Individuals with WKS may show a flat learning slope when presented with the same information over and over again (Lezak, Howieson, & Loring, 2004). Even after a 20-minute delay, recall may still be low and confabulation may be observed. It is also possible for an individual with WKS to remember less information as the number of repetitions increases. A recognition condition would show the impacted individual retaining some information, but also exhibiting confusion by including additional, erroneous information (Lezak, Howieson, & Loring, 2004). Overall, individuals with WKS tend to show a limited ability to absorb new information and retrieve it again at a later time. This may be the result of difficulties with effectively organizing newly learned information, translating to an inability to learn new information appropriately. When individuals with WKS attempt to freely recall information, they trend toward confabulation in a desire to fill in gaps of missing information. Individuals with WKS may also demonstrate an inability to inhibit inappropriate responses (Kopelman et al., 2009). Recall and retrieval deficits such as these are predominant in the memory profile of individuals with WKS. 


Wernicke-Korsakoff Syndrome (WKS) is a highly damaging condition that hinders behavioral and cognitive development. The deficits associated with WKS have significant implications for clinical and forensic settings. Individuals with WKS often exhibit problems with memory encoding, storage, and retrieval, resulting in compensatory strategies such as confabulation or even pure fabrication. Additionally, the condition can impair higher executive functioning and can lead to cascading effects that hinder future development. Specially designed programs and an increased awareness among clinical and forensic professionals of WKS may help to improve the identification and treatment of this highly vulnerable and underserved group of individuals. 


Jerrod Brown, M.A., M.S., M.S., M.S., is the Treatment Director for Pathways Counseling Center, Inc. Pathways provides programs and services benefiting individuals impacted by mental illness and addictions. Jerrod is also the founder and CEO of the American Institute for the Advancement of Forensic Studies (AIAFS), and the Editor-in-Chief of Forensic Scholars Today (FST) and the Journal of Special Populations (JSP). Jerrod holds graduate certificates in Autism Spectrum Disorder (ASD), Other Health Disabilities (OHD), and Traumatic-Brain Injuries (TBI). Jerrod is certified as a Youth Firesetter Prevention/Intervention Specialist, Thinking for a Change (T4C) Facilitator, Fetal Alcohol Spectrum Disorders (FASD) Trainer, and a Problem Gambling Treatment Provider. Jerrod is currently in the dissertation phase of his doctorate degree program in psychology.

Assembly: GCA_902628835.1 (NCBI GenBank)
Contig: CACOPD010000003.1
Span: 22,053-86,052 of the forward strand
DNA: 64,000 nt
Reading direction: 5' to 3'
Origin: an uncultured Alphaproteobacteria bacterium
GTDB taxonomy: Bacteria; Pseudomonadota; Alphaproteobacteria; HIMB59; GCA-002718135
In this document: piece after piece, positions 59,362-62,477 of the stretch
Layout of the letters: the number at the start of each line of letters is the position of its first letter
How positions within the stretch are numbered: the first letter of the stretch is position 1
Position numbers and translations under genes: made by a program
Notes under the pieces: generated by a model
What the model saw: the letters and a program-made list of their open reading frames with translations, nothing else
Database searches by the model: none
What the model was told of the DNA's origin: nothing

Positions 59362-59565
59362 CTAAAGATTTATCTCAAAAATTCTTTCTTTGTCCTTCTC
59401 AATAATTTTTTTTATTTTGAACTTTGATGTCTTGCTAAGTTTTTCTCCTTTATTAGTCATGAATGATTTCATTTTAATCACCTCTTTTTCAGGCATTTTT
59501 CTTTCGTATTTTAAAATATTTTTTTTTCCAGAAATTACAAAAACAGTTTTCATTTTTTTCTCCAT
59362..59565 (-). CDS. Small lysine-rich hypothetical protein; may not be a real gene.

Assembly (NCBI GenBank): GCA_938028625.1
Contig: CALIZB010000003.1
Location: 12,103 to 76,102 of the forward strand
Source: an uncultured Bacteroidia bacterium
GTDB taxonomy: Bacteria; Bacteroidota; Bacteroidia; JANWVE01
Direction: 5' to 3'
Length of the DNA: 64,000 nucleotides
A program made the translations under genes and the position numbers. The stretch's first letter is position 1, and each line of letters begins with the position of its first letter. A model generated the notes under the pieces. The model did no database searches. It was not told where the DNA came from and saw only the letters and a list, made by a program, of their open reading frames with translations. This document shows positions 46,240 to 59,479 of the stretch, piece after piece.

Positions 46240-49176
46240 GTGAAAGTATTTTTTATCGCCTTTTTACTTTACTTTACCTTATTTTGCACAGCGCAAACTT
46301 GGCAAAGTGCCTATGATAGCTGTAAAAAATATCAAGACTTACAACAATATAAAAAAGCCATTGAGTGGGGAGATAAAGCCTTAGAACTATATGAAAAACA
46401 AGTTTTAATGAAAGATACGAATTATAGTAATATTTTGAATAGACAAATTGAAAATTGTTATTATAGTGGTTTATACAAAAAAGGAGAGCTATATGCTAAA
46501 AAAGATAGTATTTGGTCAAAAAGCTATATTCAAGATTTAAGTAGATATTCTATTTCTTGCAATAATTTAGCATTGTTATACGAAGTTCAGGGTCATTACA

Dr. Charlotte Gerth Haanen has worked in the field of psychology with a variety of populations, including children, adolescents, and adults. This has involved work with at risk and adjudicated adolescents, children with emotional and behavioral disorders, adults with serious and persistent mental illness, and both adults and children with developmental disabilities. Services provided have included individual and group therapy, testing, and clinical assessments. Dr. Gerth Haanen has worked for the Minnesota Department of Corrections as a psychologist since 2005. This began in a maximum security prison completing forensic and neuropsychological assessments for the mental health unit. This included providing expert testimony on a regular basis for civil commitments as mentally ill and also mentally ill and dangerous. 

Matthew D. Krasowski, MD, Ph.D., is a pathologist and Director of Clinical Laboratories in the Department of Pathology at the University of Iowa Hospitals and Clinics. He is a Clinical Associate Professor at the University of Iowa. He has interest in drugs of abuse and mental disorders. He is co-director for a pre-clinical course for medical students in the University of Iowa Carver College of Medicine. 

Dr. Deborah A. Eckberg, Ph.D., is an Associate Professor of Criminal Justice at Metropolitan State University (MN) and the Director of the Master of Science in Criminal Justice program. Dr. Eckberg’s research and teaching interests span a wide range of topics related to criminal courts, special populations in the criminal justice system, and program evaluation. 

Cameron R. Wiley is a fourth-year undergraduate student attending Ohio State University and pursuing a Bachelor of Science in Psychology with a minor in Neuroscience. Cameron has an expected graduation date of December 2016. As an active member of campus, Cameron is an Undergraduate Research Assistant in the Emotions and Quantitative Psychophysiology lab of the Department of Psychology, a Certified Personal Trainer in the Department of Recreational Sports, and an Office of Diversity and Inclusion Scholar. He is employed as a Lab Support Associate at Nationwide Children’s Hospital. Cameron intends to pursue a Ph.D. in Clinical Psychology to continue with his current research and ultimately become a Neuropsychologist.